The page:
Too bad there was no TV coverage, but thankfully GolfWeek’s Beth Ann Baldry was on-site. According to her, the vibe around the 18th green as Lorena Ochoa walked up the fairway in the final hole of her final tournament before retiring was a sentimental, poignant one. Baldry writes:
”[…] a sea of Mexicans waved white handkerchiefs and shouted her name. Their hero – in many cases, their first link to this glorious game – was saying goodbye. Ochoa wiped her eyes as she waved to the adoring crowd.
“I tried to put golf behind and just go through the motions and enjoy the moment,” said Ochoa, who closed with a 2-under 71 on May 2 to finish sixth. “I’m proud that I did that. I’m feeling good, happy.”
“Time for me to stay home, spend time with Andres (Conesa, her husband of less than five months)…Give the time back to my family.”
In other words, she’ll be barefoot in the kitchen. (Kidding! Kinda.)
Ochoa shared the spotlight with Ai Miyazato, who sunk a clutch eight-footer on the 18th to win the Tres Marias Championship for her third title in five starts this season. The always poised Miyazato kept her emotions in check until she started speaking about Ochoa, who chose her as her playing partner for the first two rounds. Via the AP:
”I want to say thanks to Lorena,” Miyazato said. ”I really appreciate what she did for the LPGA and what she did for her country here in Mexico.”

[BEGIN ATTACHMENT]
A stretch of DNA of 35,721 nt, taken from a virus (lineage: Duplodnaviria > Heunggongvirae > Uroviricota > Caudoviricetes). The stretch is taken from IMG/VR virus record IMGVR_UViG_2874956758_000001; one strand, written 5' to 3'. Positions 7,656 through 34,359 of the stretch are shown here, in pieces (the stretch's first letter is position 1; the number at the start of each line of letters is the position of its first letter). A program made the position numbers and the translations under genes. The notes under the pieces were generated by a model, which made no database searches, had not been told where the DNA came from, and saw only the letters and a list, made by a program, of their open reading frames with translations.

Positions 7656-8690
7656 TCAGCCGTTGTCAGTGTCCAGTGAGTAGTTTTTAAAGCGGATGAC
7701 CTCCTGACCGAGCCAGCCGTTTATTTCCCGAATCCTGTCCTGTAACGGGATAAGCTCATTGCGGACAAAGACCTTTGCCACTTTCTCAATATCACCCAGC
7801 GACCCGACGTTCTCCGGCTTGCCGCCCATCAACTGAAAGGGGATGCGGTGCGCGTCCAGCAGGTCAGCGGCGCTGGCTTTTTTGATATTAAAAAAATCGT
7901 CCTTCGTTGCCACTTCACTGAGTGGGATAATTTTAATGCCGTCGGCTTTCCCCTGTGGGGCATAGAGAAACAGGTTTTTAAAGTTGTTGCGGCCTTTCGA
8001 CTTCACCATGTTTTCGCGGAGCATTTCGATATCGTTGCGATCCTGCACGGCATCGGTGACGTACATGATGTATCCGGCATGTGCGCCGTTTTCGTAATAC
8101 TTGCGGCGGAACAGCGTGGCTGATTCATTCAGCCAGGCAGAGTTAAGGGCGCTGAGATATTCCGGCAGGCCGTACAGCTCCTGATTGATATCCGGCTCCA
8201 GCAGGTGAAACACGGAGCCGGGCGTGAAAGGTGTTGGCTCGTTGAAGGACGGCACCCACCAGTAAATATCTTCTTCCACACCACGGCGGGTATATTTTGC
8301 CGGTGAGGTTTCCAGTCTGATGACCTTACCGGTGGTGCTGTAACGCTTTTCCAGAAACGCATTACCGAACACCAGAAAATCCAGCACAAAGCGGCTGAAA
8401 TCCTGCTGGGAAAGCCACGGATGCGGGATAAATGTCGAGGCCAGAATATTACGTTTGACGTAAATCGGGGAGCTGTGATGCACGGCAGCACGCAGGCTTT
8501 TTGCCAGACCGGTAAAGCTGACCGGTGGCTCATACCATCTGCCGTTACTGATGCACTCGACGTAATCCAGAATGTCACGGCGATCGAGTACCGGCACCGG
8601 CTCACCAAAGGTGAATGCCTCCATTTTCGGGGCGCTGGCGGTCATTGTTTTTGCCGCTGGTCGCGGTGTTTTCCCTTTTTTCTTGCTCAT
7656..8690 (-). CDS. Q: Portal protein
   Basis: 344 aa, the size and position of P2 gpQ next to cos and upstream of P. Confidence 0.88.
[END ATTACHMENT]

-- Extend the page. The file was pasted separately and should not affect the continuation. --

”She is one of my best friends,” she said, beginning to cry. ”I’m going to miss her.”
After waiting four years for her first LPGA victory, Miyazato won the Evian Masters last July. Winning this year’s season opening events in Singapore and Thailand and now the Tres Marias, she’s proof that sometimes it just takes one breakthrough for the trophies to start piling up.
With Lorena’s retirement, Ai is in the running to replace her as the world’s number one, but it won’t be this week. Jiyai Shin won on the Japan Tour and as of Monday, she’s surpassed Lorena in the rankings. Had Lorena finished one spot better at fifth, she would have reclaimed the throne for at least another week. But hey, when she walked off that last green at Tres Marias, she was still the Queen. And that’s not such a shabby way to go out.
Now will Shin be able to stay on top? Or will Miyazato overtake her? There’s also Yani Tseng, who won the first major of the season. Not to mention Suzann Pettersen is always a factor. And don’t forget Michelle Wie, who finished third at Tres Marias and currently sits at 9th in the world. Well, Lorena’s shoes will be big ones to fill, but there’s certainly no shortage of youthful talent.
[Photo by Darren Carroll/Getty Images]